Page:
The Russian Orthodox Church's spokesman Vladimir Legoyda stated that the Patriarchate of Constantinople's wants to destroy the structure of the Orthodox Church. Legoyda said: "The unprecedented anti-canonical act by the Patriarchate of Constantinople constitutes an attempt to destroy the very foundations of the canonical structure of the Orthodox Church. It is hard to assess otherwise the announcement by Constantinople's Synod to enter into canonical communion with schismatics and a man excommunicated from the Church."[8]

Metropolitan Hilarion, the head of the Moscow Patriarchate Department for External Church Relations, stated that the Constantinople Patriarchate usurped the powers of the Russian Church. Metropolitan Hilarion stated: "This decision was to be expected. The whole logic behind Constantinople's actions starting from April led to it. Church canons have been trampled upon, unity within the Orthodox world has been disrupted, the Constantinople Patriarchate's invasion into the canonical boundaries of the Russian Church has been formalized."[9]

Metropolitan Hilarion, in a program aired by the television channel Rossiya 24 (All-Russia State Television and Radio Broadcasting), then announced the break with the Constantinople Patriarchate as its decision rendered impossible the Russian Orthodox Church's continued unity with it. He explained: "The Constantinople Patriarch has recognized the leaders of the split, thus legitimating the split that existed for over quarter of a century, and therefore has made it impossible for us to stay united with the Constantinople Patriarchate."

He then added:

"I cannot describe the actions of Patriarch Bartholomew other than predatory; it is clear to us that they will lead to the split of the Orthodox World. The situation can be cured only if he or any of his successors step back from those encroachments and claims for other's canonical territory."[10]

Patriarch Kirill of Moscow and All Russia stated that he hopes the Orthodox Church will preserve its unity. Patriarch Kirill said: "I hope the Orthodox Church will find strength to overcome the existing crises and preserve its unity."[11]

Ukrainian Orthodox Church Of The Moscow Patriarchate's Reactions

Ukrainian Orthodox Church of the Moscow Patriarchate said that it won't participate in the unification assembly initiated by the Kyiv Patriarchate.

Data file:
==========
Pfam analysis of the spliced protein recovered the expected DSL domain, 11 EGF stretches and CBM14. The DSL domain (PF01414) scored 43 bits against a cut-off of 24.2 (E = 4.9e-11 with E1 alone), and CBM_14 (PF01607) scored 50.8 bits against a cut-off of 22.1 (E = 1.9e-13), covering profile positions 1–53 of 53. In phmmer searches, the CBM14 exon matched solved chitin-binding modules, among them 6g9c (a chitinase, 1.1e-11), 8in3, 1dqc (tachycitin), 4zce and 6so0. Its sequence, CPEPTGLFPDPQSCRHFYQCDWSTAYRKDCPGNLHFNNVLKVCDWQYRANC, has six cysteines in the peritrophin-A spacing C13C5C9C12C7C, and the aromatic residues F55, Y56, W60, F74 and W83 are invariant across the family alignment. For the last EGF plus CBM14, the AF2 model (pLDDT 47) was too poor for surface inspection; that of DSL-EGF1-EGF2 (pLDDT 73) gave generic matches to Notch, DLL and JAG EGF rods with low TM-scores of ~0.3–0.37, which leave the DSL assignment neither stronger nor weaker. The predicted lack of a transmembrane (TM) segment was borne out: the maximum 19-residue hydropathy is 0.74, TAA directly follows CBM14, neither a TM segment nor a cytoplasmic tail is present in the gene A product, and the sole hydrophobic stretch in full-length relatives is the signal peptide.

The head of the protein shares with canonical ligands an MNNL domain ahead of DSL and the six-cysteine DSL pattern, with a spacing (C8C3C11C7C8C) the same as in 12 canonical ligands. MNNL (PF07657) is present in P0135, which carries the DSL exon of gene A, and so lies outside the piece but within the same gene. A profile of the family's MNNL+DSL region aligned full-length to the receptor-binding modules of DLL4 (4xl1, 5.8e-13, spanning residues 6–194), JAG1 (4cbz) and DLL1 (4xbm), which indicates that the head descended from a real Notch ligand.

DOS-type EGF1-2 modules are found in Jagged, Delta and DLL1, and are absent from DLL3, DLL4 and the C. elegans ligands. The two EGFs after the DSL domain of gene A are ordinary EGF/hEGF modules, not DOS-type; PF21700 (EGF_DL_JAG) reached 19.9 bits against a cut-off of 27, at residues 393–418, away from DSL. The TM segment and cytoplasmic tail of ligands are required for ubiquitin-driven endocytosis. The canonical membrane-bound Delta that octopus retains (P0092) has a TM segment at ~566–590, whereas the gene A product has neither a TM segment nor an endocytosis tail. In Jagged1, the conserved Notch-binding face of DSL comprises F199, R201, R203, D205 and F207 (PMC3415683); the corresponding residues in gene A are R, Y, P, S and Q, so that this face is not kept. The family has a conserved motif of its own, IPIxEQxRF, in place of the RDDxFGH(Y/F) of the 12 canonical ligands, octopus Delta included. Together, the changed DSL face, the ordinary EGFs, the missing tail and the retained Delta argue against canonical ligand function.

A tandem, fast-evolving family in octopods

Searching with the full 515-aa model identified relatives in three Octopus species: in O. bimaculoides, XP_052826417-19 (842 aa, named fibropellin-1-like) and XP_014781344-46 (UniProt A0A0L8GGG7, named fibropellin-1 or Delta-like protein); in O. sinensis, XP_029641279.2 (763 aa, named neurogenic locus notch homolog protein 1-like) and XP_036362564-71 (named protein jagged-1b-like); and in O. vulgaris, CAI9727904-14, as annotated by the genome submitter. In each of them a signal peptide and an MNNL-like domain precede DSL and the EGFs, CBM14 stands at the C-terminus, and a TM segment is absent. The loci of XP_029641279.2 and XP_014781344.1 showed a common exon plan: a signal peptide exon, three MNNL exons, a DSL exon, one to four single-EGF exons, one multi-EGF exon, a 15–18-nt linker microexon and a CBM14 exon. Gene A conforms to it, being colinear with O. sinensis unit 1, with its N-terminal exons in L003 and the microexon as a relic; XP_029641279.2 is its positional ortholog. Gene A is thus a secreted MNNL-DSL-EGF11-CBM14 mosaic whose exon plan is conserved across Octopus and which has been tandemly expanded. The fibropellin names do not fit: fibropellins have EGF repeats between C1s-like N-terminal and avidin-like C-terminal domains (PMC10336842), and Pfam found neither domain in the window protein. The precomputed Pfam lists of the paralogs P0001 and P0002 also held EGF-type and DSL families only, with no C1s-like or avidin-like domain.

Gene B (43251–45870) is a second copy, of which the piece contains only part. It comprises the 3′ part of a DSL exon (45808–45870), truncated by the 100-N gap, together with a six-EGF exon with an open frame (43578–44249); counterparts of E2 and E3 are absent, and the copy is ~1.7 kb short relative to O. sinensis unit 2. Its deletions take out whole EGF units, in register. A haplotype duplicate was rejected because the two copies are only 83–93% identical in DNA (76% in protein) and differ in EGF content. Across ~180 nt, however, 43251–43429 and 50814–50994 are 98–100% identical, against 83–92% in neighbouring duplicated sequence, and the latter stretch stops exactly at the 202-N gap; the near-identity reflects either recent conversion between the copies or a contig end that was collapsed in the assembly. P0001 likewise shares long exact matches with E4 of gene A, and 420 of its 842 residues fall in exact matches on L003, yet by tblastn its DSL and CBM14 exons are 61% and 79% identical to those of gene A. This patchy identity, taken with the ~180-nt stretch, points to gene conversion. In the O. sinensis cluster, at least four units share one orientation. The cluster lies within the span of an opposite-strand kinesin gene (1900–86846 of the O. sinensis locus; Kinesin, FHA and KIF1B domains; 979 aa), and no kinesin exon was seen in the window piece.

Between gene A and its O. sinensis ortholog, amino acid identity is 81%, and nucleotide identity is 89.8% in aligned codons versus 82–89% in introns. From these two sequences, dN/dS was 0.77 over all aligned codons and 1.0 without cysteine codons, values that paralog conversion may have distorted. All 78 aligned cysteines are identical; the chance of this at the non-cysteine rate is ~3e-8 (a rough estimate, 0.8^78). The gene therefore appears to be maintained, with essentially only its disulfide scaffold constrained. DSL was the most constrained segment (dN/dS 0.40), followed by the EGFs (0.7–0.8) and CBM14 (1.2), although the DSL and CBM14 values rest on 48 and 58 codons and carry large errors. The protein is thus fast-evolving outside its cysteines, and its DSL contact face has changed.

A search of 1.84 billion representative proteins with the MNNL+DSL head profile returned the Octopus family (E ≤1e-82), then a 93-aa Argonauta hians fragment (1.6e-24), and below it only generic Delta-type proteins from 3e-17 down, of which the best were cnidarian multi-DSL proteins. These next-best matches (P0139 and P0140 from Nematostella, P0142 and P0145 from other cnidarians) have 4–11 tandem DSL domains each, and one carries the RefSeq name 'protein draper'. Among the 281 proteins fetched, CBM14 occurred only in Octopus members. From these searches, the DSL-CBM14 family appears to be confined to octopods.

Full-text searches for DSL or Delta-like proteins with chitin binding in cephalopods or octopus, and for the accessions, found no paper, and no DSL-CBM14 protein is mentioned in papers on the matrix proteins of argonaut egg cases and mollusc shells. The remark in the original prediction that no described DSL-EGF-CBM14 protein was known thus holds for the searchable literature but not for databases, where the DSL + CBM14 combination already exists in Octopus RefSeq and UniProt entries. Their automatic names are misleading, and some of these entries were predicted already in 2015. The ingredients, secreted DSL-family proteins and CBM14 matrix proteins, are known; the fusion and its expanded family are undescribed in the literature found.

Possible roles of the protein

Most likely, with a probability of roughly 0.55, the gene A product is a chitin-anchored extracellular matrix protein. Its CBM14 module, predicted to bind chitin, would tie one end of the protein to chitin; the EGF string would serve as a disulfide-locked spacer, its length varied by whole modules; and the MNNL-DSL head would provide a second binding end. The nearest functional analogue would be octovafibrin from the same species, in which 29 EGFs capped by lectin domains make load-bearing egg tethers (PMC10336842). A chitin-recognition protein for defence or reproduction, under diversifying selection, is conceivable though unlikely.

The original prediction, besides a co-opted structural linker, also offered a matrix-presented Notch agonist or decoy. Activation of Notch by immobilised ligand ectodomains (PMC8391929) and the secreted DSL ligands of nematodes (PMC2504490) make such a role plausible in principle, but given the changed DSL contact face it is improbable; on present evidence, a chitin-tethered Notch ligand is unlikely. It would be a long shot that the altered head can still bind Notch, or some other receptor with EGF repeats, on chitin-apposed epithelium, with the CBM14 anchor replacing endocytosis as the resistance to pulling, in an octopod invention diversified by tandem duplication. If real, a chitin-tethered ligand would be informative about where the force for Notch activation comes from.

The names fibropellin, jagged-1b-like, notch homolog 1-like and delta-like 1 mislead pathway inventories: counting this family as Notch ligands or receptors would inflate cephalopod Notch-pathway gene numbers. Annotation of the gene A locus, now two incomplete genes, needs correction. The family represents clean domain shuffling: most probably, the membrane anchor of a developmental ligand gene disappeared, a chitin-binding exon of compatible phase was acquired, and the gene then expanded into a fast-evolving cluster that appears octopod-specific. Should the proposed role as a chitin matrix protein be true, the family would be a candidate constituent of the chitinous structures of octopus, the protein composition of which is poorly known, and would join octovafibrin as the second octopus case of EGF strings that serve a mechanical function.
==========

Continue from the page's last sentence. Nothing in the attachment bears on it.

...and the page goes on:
Vasily Anisimov, the head of the Ukrainian Orthodox Church of the Moscow Patriarchate's press service, said:

"We are already a canonical local church. Why should we participate in the creation of another [church], especially with people whom we have suspended from service for various crimes? … Our church is fully accomplishing its saving mission on Ukrainian soil and no one questions this mission, including other Orthodox churches of the world, Catholics, and even the schismatics themselves."

He then added: "If you have a cow that gives you milk, and this cow is good, you don't rush to get a different one." Anisimov also defined the call for a "unification assembly" in Ukraine as "a purely political initiative."[12]

Russian Government's Reaction


Putin meetswith permanent members of the Security Council (Source: Kremlin.ru)

Also the Russian government's reaction was strong against the Patriarchate of Constantinople's decision.

On October 12, Russian President Vladimir Putin discussed the Synod's decision during a meeting with permanent members of the Security Council.[13]

Kremlin spokesperson Dmitry Peskov said that Moscow may respond to decision, if there is an unlawful turn to the events. Peskov said: "If the events that are developing take an unlawful turn, then, of course, just as Russia defends the interests of Russians and Russian-speaking people everywhere, in the same way, and Putin has spoken repeatedly about this, Russia defends the interests of Orthodox Christians."[14]